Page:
Facilitator Journal | Issue #0385, Mar 17, 2009
Are you too smart for your own good? Read this week's
article to find out, where we explore the dilemma of the professional
speaker or seminar leader placed in the front of the room
and expected to be the font of all knowledge. Take a minute to unravel this fallacy with us and
release yourself from much unnecessary burden.
Check out our new
Facilitator Guide bundle. We're offering a package deal on our popular Getting Full Participation and Intervene With Confidence Facilitator Guides. See details after the article and consider adding these information-packed
guides to your personal Facilitator's Toolkit.
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You Too Smart for Your Own Good?
Speakers and seminar leaders
don't need to know everything.
Group Dynamics Skill
attend workshops, seminars, and speaking engagements
where the presenter seems compelled to talk at the audience.
Though I do believe they're expressing a sincere desire to
teach, enlighten, and inform others with the best
of intentions, how often have you actually been inspired by
shear quantities of information?
I don't give "speeches" anymore. When I'm asked
to give one on a topic I feel comfortable with, I accept but
when introduced as the speaker, I love to twist that perception
a bit. I've been know to say, "Yes I'm going to stand in front of the
room today, but I don't plan to be your speaker. Instead,
I hope to serve you better by being your listener." The
rebel in me revels in this!
I sincerely believe that my success as a "speaker,"
facilitator, trainer, teacher, whatever, rests more in my
ability to hear what people need and to create an environment
where they can get that from whoever
can best deliver it at the time.
Now of course, if I've shown up for a speaking gig in the hopes
of getting lots of attention and ceremonious fluffing of my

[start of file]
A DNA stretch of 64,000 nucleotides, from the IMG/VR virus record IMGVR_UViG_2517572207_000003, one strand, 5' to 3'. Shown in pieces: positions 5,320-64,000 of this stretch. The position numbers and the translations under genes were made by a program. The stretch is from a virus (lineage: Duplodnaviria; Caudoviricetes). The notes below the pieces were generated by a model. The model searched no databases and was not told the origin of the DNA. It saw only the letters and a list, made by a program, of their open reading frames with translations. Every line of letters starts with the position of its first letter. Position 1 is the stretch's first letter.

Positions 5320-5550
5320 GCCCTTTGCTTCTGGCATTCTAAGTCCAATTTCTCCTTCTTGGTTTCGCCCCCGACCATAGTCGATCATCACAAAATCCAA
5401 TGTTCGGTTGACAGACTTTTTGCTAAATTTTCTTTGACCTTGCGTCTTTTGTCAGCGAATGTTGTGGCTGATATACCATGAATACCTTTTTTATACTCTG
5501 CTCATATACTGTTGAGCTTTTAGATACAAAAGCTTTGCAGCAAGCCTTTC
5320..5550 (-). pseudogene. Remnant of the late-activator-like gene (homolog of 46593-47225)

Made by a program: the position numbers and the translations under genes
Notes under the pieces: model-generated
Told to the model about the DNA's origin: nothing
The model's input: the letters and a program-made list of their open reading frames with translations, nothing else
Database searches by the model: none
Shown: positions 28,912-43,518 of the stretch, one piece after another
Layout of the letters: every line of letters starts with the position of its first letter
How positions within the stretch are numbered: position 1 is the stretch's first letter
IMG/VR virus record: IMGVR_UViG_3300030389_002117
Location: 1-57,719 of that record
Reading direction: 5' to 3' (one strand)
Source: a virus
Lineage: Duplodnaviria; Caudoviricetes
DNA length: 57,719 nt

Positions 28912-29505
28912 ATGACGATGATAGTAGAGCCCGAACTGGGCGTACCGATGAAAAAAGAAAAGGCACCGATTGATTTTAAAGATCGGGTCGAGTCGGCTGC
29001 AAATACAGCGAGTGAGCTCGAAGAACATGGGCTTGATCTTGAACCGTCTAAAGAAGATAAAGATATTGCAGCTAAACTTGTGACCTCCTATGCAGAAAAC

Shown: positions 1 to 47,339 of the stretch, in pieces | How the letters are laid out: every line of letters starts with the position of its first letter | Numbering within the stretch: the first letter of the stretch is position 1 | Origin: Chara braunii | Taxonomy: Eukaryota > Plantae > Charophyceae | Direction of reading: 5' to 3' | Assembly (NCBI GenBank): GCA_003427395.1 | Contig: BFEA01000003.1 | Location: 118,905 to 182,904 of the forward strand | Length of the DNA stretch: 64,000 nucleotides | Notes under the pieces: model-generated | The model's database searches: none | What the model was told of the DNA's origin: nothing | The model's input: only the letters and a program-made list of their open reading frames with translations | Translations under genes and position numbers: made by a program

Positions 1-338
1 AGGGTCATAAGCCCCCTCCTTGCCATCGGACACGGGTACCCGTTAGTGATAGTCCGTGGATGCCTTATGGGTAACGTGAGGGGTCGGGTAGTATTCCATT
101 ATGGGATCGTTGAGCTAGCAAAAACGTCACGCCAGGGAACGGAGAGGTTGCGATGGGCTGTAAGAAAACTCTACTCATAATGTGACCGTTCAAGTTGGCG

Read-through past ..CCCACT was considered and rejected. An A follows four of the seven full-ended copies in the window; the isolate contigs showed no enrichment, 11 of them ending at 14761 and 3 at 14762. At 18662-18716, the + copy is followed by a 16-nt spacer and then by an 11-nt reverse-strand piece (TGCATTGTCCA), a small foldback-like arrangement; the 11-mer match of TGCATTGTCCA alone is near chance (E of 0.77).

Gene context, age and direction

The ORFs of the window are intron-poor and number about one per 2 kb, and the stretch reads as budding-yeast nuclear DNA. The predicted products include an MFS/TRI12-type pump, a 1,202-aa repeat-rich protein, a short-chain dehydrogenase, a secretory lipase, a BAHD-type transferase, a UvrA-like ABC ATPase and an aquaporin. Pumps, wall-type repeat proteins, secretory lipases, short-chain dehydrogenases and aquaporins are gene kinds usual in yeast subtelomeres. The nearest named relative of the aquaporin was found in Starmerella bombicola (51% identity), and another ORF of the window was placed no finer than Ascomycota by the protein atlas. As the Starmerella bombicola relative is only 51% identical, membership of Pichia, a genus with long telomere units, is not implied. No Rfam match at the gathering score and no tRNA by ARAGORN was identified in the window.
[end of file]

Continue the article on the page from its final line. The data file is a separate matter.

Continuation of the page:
expert ego, I certainly wouldn't employ the above approach.
But if I want to respond to the interests of the audience, then I'm going to
continually refocus my attention on them. We're going to have
discussions, demonstrations, and exercises and only enough
focus on me to maintain the energy of focused connection and
involvement among the participants.
I remember once attending a workshop with an energetic healer
and her husband, a psychologist, who were offering a new technique to assist
people to return to their essence, and to lessen the influence
of their personality and coping mechanisms that they had developed
I was most interested in the topic, and they had a lot of
information to share, they almost lost me. There was very little
interaction or none at all as they talked for over an hour
about their mysterious techniques. It was apparent that
most everyone there was puzzled and trying to figure out
what it was all about. They kept asking but the explanation
got more and more obscure and it felt as we were being marketed
Finally, during the 30 minutes of the 2-hour presentation,
they offered an opportunity for everyone to have a short
reading. Lo and behold, the seminar picked up strength,
everyone started asking questions and were very involved.
It was evident now through their work on us that they were
quite talented and had something to offer that all the words
in the world would never have conveyed. Several people even
signed up for individual work afterwards.
do people insist on telling us when they can show us? Maybe
it's just the way that we were taught, or maybe it's just
the best way we know. Whenever you get the chance, teach
people a facilitation tip that will make their presentations
more powerful and engaging with less effort.
Tips to Engaging Participation
- If you have the choice between showing and telling,
show first, tell later. Then people know and feel what
you're talking about. Also takes a lot of pressure off of
you to entertain. Once you impact people with a physical
or emotional experience, they'll have lots to tell themselves.
- Talk to your audience. Ask them more about themselves
and what they're interested in learning at the beginning
and adjust your approach accordingly.
- Don't talk so much. Check in with your audience
periodically and see what they have to say about what you're
saying. Are they getting it? Do they have something to add
that can amplify or validate your point?
- Get them talking to each other. Use simple methods
to get participants talking to one another about their experiences,
what they're learning, what they want, etc. This brings
more energy and attention to the group, can mine new perspectives,
and can improve the experience for everyone.
Can you relate to
the situation above? Is there something about your presentation
style you'd like to change or improve upon? Is there someone
you know who might benefit from a facilitative tip you could
I'd love to hear from you. Send me your experiences and ideas by replying to this email.
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